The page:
CINCINNATI (WCMH) — An Ohio judge indefinitely halted the enforcement of the state’s six-week abortion ban Friday.

Hamilton County Common Pleas Court Judge Christian Jenkins granted abortion providers a preliminary injunction in their lawsuit against Ohio’s Senate Bill 23, commonly known as the heartbeat law, which bans the procedure once fetal cardiac activity is detected and provides no exceptions for rape or incest.

In a rebuke of lawmakers and anti-abortion groups seeking to uphold the six-week ban, Jenkins’ ruling extends a temporary restraining order he issued against the law on Sept. 14, deeming it a violation of the Ohio Constitution. Jenkins went further, calling abortion “undoubtedly healthcare.”

“Does a law that prevents a cancer patient from getting lifesaving treatment infringe on those rights? The answer is obviously it does,” Jenkins said.

Delivering his ruling from the bench, Jenkins said Ohio’s Constitution “clearly provides more expansive rights” in the areas of privacy, safety and healthcare — including abortion — than does the U.S. Constitution. Vague protections included within , like life, liberty and the pursuit of happiness, “were purposefully left to gather meaning from experience.”

Ohio Attorney General Dave Yost, who successfully petitioned a judge to lift an earlier injunction blocking the heartbeat bill, disagreed with Jenkins’ interpretation.

“I’m confident of my position that the Ohio Constitution does not contain the right to abortion,” Yost said. “We’ll see what the Supreme Court says someday once this process is done.”

Abortion will remain legal up to 20 weeks of a pregnancy, according to ACLU of Ohio attorney Jessie Hill. That could change in coming months, however, depending on how the lawsuit proceeds up the chain of command in court.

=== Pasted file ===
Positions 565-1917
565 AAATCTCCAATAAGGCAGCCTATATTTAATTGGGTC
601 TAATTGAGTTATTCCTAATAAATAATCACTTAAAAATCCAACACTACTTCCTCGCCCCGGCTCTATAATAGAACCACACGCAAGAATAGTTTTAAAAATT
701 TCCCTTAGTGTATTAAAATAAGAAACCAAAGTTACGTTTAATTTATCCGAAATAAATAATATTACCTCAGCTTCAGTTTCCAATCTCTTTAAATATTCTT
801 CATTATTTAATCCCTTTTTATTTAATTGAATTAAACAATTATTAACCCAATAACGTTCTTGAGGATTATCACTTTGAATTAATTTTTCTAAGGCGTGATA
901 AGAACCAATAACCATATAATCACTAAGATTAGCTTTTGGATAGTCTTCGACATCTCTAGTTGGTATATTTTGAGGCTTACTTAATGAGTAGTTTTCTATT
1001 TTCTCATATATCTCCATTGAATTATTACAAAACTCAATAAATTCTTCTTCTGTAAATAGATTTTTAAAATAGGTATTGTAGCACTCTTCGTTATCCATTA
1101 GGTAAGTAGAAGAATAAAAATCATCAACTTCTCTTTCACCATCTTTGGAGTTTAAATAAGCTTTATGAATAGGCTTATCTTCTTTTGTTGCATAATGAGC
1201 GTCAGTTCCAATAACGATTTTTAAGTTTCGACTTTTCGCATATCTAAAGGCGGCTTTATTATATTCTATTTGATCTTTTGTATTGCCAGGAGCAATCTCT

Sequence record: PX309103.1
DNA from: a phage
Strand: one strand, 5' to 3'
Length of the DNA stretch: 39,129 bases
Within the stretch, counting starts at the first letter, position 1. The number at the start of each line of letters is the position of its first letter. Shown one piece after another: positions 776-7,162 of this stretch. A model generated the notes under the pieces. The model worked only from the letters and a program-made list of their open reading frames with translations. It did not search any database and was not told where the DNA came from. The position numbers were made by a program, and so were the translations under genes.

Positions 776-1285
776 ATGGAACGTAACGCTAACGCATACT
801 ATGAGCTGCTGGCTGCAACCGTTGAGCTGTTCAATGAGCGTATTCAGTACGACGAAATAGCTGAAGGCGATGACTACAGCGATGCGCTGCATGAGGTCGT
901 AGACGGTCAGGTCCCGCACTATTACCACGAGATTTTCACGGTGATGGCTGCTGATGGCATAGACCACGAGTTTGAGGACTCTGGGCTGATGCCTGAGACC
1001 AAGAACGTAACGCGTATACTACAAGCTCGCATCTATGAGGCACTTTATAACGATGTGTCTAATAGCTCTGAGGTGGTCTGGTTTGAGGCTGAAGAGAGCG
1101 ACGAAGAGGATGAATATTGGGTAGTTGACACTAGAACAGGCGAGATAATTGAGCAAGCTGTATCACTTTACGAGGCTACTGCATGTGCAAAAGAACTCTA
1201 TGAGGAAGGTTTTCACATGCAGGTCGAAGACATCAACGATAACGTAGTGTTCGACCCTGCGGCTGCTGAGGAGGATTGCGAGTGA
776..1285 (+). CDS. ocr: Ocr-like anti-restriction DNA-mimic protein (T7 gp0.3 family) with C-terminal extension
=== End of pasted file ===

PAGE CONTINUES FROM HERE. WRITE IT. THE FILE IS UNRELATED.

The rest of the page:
Kellie Copeland, executive director of Pro-Choice Ohio, lauded Jenkins’ decision in an email, adding Ohioans will no longer be forced to cross state lines for healthcare.

“This is a victory for patients and the physicians who serve them, both in Ohio and from neighboring states,” Copeland said. “This ruling is sorely needed to protect the lives and well-being of people who need access to abortion.”

Mark Harrington, president of the Columbus-based anti-abortion group Created Equal, said that in his ruling, “Judge Jenkins has chose to condemn thousands of innocent preborn humans to death.”

“There is no fundamental right to abortion under the Ohio state constitution,” Harrington said. “It’s time for abortion advocates who are dressed up as judges to end this fool’s errand and move on.”

In the weeks post-Roe, a national audience targeted the state’s six-week abortion ban after a 10-year-old rape survivor who was six weeks pregnant traveled outside Ohio to obtain an abortion – a case Jenkins cited as part of his reasoning to halt the bill’s enforcement.

“This child was a victim of crime who should have had access to clearly needed health care in the form of abortion in her community,” Jenkins wrote. “S.B. 23 clearly discriminates against pregnant women and places an enormous burden on them to secure safe and effective health care such that it violates Ohio’s Equal Protection and Benefit Clause and is therefore unconstitutional.”

The decision in Hamilton County Common Pleas Court marks the latest in a series of legal challenges to the state law. A federal court blocked enforcement of the heartbeat law three months after it passed in April 2019 – finding it unconstitutional in Ohio – but that changed after Roe v. Wade was overturned in June

Previously, Yost has said “there will no doubt be an appeal.” Other Republican lawmakers say “it is just a bump in the road.” Post-Roe, Yost successfully petitioned the federal court to dissolve the injunction, and though the law saw challenges from Ohio abortion clinics, was upheld by the state supreme court in July.

“With this holding, the Court extricated itself from having to repeatedly decide policy matters that the Constitution leaves to the States and the political branches,” Yost wrote in his response to the state supreme court’s ruling.